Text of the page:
A mobile vet clinic has launched in Manchester city centre to help homeless people treat their dogs.
Volunteers at the Street Paws charity know that for people living on the streets a dog can be a lifeline, with many rather sleeping rough than being parted from their pets.Once a month a team of vets and vet nurses offer free checks, food and treats to any animals sleeping rough.
It also allows their owners to discuss any other concerns they might have about their pets.
Michelle Southern, founder of Street Paws, said much of their work is built on trust between owners and volunteers.
At first many homeless people are wary for fear their dog is taken away from them.
A lot of people don’t want help because they’re terrified of being separated. “It can take a little bit of time for people to trust us and let us help. A common problem at the moment is when a roughsleeper falls ill and ends up in hospital. Quite often their dogs are picked up as strays and end up with the warden. “We offer free microchipping so if that does happen whoever finds the dog warden can find out who it belongs to. If someone is taken into hospital, their dog can stay at Manchester and Cheshire Dogs Home until they're better.”
Street Paws have now teamed up with the PDSA to provide a monthly mobile vet clinic in Manchester city centre.
It means the Street Paws volunteers are able to carry out veterinary care in the PDSA’s treatment bus.
General health checks, vaccinations, flea and worming treatments can all be provided in the mini-mobile vet clinic.
Food, treats and even little coats to keep dogs warm are also on offer for those in need.
The first owner and dog the team come across in Piccadilly Gardens is a 20-week old Staffie cross called Delilah. The dog and her owner, who asked not to be named, are well known faces to the Street Paws team.
It turns out Delilah had been missing for two weeks and had turned up at Manchester and Cheshire Dogs Home. The team are pleased to hear she’s been reunited with her owner.
The 32-year-old woman waits while Delilah has her second round of vaccinations as well as a general check with the vet.
I couldn’t live without a dog. “She’s my best friend and she protects me. She snuggles up to me in my sleeping bag at night. I couldn’t live on the streets without her. “We’re training her at the minute like you would any puppy.”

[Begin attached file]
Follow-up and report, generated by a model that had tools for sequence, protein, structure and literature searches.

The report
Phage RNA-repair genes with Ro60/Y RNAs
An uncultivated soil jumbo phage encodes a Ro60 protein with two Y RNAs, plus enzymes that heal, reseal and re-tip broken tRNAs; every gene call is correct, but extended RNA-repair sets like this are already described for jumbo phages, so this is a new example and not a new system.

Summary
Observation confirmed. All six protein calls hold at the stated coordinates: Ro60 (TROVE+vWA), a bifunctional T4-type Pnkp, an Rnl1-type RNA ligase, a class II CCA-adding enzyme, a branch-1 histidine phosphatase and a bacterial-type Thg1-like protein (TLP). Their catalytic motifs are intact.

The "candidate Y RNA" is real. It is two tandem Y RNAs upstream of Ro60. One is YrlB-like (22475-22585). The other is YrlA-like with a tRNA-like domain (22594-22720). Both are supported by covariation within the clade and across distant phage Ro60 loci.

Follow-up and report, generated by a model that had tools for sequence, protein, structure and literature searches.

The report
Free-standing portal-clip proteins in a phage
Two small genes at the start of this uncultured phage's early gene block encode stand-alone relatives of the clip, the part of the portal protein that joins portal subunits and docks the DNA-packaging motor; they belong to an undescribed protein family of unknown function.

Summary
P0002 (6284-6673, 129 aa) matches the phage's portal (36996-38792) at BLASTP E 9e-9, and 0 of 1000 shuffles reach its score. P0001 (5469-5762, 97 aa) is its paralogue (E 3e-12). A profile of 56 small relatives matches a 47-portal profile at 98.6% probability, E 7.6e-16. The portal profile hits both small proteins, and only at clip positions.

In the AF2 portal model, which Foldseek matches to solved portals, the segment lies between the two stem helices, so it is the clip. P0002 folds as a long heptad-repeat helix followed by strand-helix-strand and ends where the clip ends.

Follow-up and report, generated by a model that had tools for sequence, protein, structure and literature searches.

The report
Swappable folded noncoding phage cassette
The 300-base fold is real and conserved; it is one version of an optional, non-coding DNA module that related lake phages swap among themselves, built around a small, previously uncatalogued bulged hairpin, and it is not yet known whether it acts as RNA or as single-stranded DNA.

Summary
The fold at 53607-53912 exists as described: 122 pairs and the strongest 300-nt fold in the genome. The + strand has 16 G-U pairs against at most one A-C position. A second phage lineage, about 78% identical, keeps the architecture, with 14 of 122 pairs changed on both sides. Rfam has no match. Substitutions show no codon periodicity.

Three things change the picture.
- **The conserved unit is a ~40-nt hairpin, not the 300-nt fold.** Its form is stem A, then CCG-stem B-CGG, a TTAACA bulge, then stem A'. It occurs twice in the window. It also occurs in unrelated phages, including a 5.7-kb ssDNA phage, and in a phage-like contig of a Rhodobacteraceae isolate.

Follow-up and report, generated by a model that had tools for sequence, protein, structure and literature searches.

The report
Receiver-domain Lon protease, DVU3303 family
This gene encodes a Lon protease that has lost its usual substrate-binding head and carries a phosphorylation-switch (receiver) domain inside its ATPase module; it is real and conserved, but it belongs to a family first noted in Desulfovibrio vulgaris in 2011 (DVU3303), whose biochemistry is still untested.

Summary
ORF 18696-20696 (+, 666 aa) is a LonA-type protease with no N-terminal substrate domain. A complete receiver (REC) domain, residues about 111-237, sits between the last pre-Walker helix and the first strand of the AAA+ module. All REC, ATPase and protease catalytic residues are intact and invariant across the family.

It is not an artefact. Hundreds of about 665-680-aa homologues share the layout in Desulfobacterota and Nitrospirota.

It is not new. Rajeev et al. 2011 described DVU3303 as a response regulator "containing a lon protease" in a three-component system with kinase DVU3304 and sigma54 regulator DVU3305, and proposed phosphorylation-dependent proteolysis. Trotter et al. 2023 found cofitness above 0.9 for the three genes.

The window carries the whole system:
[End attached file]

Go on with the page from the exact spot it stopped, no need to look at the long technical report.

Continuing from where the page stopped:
The vet says Delilah is in good health and gives her a little coat and a new lead.
Katja Londa, a practising vet in Saddleworth, has volunteered with the PDSA for many years.
“They are definitely well looked after these dogs,” says Katja.
They definitely tend to be very healthy as well. Owners have a very close bond with their dogs. They look after them well, they feed them well. “The dogs are often much better fed than the people themselves are. A lot of people have said to us their dog is the reason they're alive.”
Katja and the team check the dogs' eyes, ears, teeth and chests.Particular attention goes on their paws because they spend so much time walking.
Another dog-owner on Oxford Road says his Staffie Pepper gives him a reason to get up in the morning.
The man, who had been homeless for four years, said:
I feel safe if he’s here. “He’s my mate and my responsibility. Everyday I have to get up, feed and look after him. Every now and again you get someone who accuses you of having a dog to get money, but I had Pepper before I was homeless. “The bond between us is there and that’s priceless. I'd never had a Staffie before him and now I would never have another type of dog. They're brilliant."
The man is given some packets of food for Pepper after having a chat with Katja about his condition.
The Street Paws don’t find many dog-owners on their round of the city centre tonight.
One of the biggest challenges is reaching dogs and their owners,” says Katja.
Some nights like tonight we will come out and see hardly any dogs. Other nights we will see many."
Not all dog owners want help. One man with another Staffie on Market Street doesn’t want to speak to the team.
But then another man who has recently come off the streets and secured a home stops to speak to the team about getting support for his cat.
They exchange details and advise the man brings his cat along to their clinic at the Booth Centre on the first Friday of every month.